Head Spinning

Rich’s video for “Tilt-A-Wheel” plays like an extended version of the last scene in Alfred Hitchcock’s “Strangers On A Train.” It fits the song, from MX-80’s recent, as yet unreleased album, perfectly. Mixed by Steve Albini, it is the last album recorded with the legendary guitarist, Bruce Anderson.

Bruce was a god-like figure in Bloomington, Indiana in the late 60’s when I showed up. He played with Mrs. Seamon’s Sound Band (with Michael Brecker) ( the first band I saw there), the Screaming Gypsy Bandits with Mark Bingham and Caroline Peyton (who also recently passed) and went on to form the seminal band, MX-80 Sound. The bands’ line-ups and sounds kept changing but Bruce stayed the same. I’m sure I saw every local Screaming Gypsy Bandits’ performance. Peggi and I saw the first few MX-80 shows at the local library and then left town in late ’74 before our friends, Rich Stim and Dave Mahoney, joined the band.

Somewhere in the early 70’s, Steve Hoy (that’s him on the cover of MX-80 Hard Attack) and I walked over to Bruce’s apartment to get our hair cut. It was a Zen-like experience and Bruce did a great job but Steve felt he could do just as well for less so he became our barber.

Bruce was a close friend of our close friends and those that remain gathered yesterday over Zoom for a memorial. The pain from the loss was evident. Rich Stim, Angel Corpus Christi, Dale Sophiea, Steve Hoy, Kim Torgerson, Michael Gribbroek, Marc Weinstein and Howard Thompson were all there along with members of Bruce’s family. Peggi and I learned just how special Bruce was as a person and the tributes were beautiful.

I was also struck by connections between people now scattered across the country. Steve Hoy was my roommate in the dorm (Shea 2, Foster Quad) my freshman year. Dave Mahoney was my best friend in high school and came out to Bloomington after dropping out of MCC. Rich was a former Shea resident and a friend of Steve’s. He had a crush on Andrea, then Bruce’s wife, and had me take some Super 8 footage of her behind the counter at Discount Records. Peggi was friends with Rich and Dale before we hooked up. Kim Torgerson was married to Dave. I guess I introduced them. She lived in the dorm across the street from me. She took the classic MX-80 Sound photos.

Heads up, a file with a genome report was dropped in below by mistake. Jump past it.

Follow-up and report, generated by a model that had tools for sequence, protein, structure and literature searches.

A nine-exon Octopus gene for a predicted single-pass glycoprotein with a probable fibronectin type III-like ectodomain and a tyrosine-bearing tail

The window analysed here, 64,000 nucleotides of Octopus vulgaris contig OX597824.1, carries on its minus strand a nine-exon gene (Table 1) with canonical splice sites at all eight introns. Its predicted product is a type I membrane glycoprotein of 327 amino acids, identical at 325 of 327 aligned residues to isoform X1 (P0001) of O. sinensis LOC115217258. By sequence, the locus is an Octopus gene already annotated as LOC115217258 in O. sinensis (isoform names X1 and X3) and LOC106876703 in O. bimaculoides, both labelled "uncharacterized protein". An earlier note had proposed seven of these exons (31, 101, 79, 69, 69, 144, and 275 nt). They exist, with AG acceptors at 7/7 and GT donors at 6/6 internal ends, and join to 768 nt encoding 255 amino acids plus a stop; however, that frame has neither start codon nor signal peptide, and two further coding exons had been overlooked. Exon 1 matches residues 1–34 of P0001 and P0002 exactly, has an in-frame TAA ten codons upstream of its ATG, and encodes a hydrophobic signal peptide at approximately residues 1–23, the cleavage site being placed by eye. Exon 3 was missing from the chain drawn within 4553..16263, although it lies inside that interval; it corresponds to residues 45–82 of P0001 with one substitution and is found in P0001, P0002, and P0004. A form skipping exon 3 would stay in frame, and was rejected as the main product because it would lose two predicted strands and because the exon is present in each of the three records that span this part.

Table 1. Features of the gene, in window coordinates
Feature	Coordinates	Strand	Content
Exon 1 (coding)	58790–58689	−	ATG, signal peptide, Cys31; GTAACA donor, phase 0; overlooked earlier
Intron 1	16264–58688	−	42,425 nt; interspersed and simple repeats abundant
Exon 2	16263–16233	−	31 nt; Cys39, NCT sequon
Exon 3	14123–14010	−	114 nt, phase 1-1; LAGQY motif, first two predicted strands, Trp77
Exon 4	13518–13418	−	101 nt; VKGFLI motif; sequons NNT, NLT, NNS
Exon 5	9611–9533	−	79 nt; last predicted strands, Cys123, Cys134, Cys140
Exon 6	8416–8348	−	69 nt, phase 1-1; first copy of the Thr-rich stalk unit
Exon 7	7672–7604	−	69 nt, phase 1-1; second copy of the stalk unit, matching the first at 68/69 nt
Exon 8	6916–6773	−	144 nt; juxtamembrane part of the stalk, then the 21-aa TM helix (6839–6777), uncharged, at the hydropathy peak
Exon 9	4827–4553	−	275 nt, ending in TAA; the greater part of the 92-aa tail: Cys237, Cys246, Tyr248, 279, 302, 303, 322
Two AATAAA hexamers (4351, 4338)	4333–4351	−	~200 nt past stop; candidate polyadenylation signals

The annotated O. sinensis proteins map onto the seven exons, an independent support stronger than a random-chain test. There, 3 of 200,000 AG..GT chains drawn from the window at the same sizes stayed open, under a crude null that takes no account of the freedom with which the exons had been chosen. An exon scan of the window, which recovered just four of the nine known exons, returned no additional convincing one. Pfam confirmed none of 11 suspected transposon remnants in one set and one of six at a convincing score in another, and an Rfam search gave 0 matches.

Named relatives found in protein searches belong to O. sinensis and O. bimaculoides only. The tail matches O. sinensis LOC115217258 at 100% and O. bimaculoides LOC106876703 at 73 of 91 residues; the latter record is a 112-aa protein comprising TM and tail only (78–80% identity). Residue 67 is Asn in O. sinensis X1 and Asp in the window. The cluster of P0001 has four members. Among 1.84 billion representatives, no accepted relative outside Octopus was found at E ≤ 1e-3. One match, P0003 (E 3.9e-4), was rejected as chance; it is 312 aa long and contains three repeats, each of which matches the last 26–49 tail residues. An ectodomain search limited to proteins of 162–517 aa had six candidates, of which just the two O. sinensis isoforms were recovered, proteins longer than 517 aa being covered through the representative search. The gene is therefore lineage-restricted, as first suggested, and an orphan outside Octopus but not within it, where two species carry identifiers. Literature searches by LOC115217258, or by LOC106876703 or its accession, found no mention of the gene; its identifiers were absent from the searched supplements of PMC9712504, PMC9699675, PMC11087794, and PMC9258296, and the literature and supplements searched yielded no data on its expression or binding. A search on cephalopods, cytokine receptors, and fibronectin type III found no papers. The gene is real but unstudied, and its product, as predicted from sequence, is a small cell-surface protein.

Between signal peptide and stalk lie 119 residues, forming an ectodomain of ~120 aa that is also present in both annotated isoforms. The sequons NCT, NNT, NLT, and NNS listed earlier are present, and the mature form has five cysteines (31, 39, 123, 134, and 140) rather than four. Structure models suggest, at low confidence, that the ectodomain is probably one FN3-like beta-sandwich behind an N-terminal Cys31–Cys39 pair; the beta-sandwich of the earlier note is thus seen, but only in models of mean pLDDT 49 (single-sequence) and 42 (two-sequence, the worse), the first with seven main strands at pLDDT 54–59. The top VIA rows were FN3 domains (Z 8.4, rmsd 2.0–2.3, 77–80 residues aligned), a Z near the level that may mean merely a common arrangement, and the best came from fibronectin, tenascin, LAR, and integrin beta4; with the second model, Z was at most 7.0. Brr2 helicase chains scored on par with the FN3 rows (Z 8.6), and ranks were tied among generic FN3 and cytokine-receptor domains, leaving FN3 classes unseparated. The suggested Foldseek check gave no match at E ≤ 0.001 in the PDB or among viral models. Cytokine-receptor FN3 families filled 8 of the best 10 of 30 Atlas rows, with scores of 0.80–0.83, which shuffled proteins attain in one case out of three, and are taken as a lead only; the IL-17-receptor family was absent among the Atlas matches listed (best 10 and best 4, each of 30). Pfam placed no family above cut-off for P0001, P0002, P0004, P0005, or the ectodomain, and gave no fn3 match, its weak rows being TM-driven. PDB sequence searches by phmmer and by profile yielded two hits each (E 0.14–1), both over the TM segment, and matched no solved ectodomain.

Michael Gribbroek grew up in Rochester near where Peggi and I live now. He was the first person Bruce Anderson met when he moved into the nearby Wilke Quadrangle on the IU campus. Mrs. Seamon, from the Mrs. Seamon Sound Band was the head dietician at Wilkie Quad. Michael found my blog through Andrea and follows our walks through his old stomping grounds. He told a story yesterday of the moment he knew Bruce was going to drop out of art school. They were in an art history class together, writing an essay in one of those little light blue books about how the art critics treated Mondrian. Michael looked over at Bruce and he was making cartoon-like drawings of critics physically torturing Mondrian in graphic detail.

Marc Weinstein is the co-founder of the world’s largest independent record store, Amoeba. He played drums with MX after Dave passed and grew up in Buffalo. He knows all the bands we played with there in the Personal Effects days. Howard Thompson put out the first MX-80 album while working for Island in London. Howard is good friends with Kevin Patrick, the lead singer in New Math, and he came to Rochester to produce the first single, Die Trying. I played drums on that track. Peggi and I went back to Bloomington to hear MX-80 audition for Howard and his new boss at Bronze in Dale’s basement.

Head-spinning but then again, I could have this all wrong.


4 Replies to “Head Spinning”

  1. Thanks for posting this. It was a great tribute to a unique person. I am so thankful to have been his friend.

    And thanks for spelling my name correctly:)

  2. That video and instrumental is fantastic. I’m so glad I had the opportunity, while in PE to play with MX-80 Sound three times that I remember. It was a time…

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